Wednesday, June 30, 2010

Taking A Breather...

Currently Reading: I'm up to Ch 18 of Love Slave For Two:) Looking forward to seeing how the rest of this story pans out:)

Son K and I are heading up to Lafayette later today. His orientation at Purdue is tomorrow from 8-5pm, and Grandpa's also asked him to mow the yard (Mom and Dad are on vacation in Canada with my sister and her family).

Our planned itinerary looks something like this:
Noon: Leave
1:30: Stop for lunch and see my bff E for an hour.
5pm: Arrive, unload car. K mows lawn, plus neighbor's.
7pm: Off to either Pepe's or Olive Garden for dinner. Maybe even a quick trip to the bookstore???
Afterward: Home to sleep.

7am: Leave house
8am: Orientation, a ride on the Boilermaker Express, and a trip to Follett's to buy some of my books back....
5pm: Back to house to collect suitcases. Dinner at Applebee's in Crawfordsville? Golden Corral in Terre Haute??
Late: Arrive home and fall into bed.

We've been requested NOT to use Grandma's computer. Seems between my blogging and email; the kids' games; Face Book; and other sites visited, someone downloaded a nasty computer virus. And since we don't know who did it, the three of us are 'banned' from using Grandma's PC.

So enjoy yourselves and I'll be back for Flashback Friday:)

Tuesday, June 29, 2010

Terrific Tuesday with Sean McLachlan:)

Welcome! Please introduce yourself and tell us about your latest release.
Hi! I’m Sean McLachlan, best known as a history author, as well as a travel blogger for I also write fantasy and horror under the pen name Sean J. Lachlan. For history, my latest release is American Civil War Guerrilla Tactics (Osprey, 2009). For travel, it’s a pair of series for Gadling on my two-month journey through Ethiopia and Somaliland. In the fiction department, Damnation Books recently released my historical horror Dannevirke. As far as I know it’s the only horror fiction ever set in the Dano-Prussian War.

Have you ever had an idea for a story which scared you after you began writing it?
Not really. I read the news too much and the real world is a whole lot scarier.

Have you incorporated actual events from your own life into your books?
My travel writing has a lot of me in it, of course, my fiction less so. Inevitably any fictional work is going to stem from the way the author sees the world. I suppose it’s no coincidence that the novel I wrote after becoming a father had a protagonist who was a father. He’s also a racist bastard so hopefully he’s not all me.
How much research do you do? Do you research first and then write, or do you write first, then research as needed?
I do a lot of research before I write. With nonfiction it’s impossible to start without it. Since much of my fiction is historical and I’m a trained historian, I feel the need to research like crazy before I write. In fact, much of my inspiration comes from reading old newspapers, letters, and secondary sources like academic articles and books. A writer needs to know when to set these aside, though, and get on with the story. My latest novel, A Fine Likeness, is set in Civil War Missouri. It was a finalist in the Fresh Blood contest but got nudged out by popular vote. I was out of touch in Africa at the time and couldn’t garner enough online support! Ah well, the hazards of adventure travel. This novel came pre-researched because I had written three books on Missouri history as well as one on the Civil War.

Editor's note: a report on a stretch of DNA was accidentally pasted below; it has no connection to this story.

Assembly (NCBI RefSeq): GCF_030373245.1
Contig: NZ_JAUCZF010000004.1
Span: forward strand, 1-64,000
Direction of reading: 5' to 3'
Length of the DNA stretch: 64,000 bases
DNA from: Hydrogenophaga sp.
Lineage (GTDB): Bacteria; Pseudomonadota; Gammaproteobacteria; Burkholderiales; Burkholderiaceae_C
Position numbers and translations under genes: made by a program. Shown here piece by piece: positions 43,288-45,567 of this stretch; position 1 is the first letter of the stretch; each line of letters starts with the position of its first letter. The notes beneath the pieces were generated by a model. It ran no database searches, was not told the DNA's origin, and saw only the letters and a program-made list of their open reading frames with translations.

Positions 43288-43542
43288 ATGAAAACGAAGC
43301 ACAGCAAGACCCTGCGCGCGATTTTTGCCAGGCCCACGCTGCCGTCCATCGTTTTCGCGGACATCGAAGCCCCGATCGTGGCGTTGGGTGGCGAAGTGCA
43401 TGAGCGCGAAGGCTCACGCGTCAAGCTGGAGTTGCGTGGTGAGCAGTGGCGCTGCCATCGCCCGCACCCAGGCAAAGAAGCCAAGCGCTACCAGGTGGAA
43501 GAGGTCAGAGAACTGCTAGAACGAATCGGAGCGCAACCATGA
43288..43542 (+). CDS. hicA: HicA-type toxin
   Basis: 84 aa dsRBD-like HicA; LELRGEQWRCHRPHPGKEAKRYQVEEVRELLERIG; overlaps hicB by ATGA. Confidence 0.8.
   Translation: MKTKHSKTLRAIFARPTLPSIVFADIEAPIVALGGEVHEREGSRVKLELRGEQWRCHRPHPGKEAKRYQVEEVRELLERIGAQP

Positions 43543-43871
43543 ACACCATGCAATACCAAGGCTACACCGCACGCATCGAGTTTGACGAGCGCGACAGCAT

Is there any message you want readers to take from reading your work?
From my travel writing I’d like them to take the single most important thing I’ve learned—that anywhere you go most people are good. Anywhere. Many people say that and some even believe it, but I know it to be true. I’ve had it proven to me time and again in places like Iran, Somaliland, Bolivia, and India. It’s a fun, friendly world out there, even though a violent minority tries their best to ruin it for the rest of us. This truth seeps into my fiction as well.

Are you a plotter or a pantser? And have you ever had a story take on a life of its own?
All my stories take on a life of their own whether I plot them or pants them. I’ve written three novels, a couple of novellas, and a dozen or so short stories. I’ve plotted about half of them and winged the others. I’ve yet to settle on a real method. I think different moods and stories and phases in a writer’s career require different techniques and no writer should get too stuck in one methodology.

How long did it take for you to be published?
I started in journalism so I had that instant gratification of daily publication. Journalism and I weren’t a good fit, though, due to my wanting to do more feature-length work, plus the systemic corruption of mass media in the U.S. turned me off. My first book proposal was about my time spent working for the New Delhi bureau of Reuters covering Kumbh Mela, a massive Hindu pilgrimage that attracted 12 million people. I landed an agent for that, and she sent it around to more than a dozen major houses, but it never got picked up. That was disappointing. Shortly after that I coauthored an update for a guidebook to Phoenix, and that same year got a contract with Hippocrene Books to write Byzantium: An Illustrated History. So my road to nonfiction publication was rather quick, although there have been bumps along the way.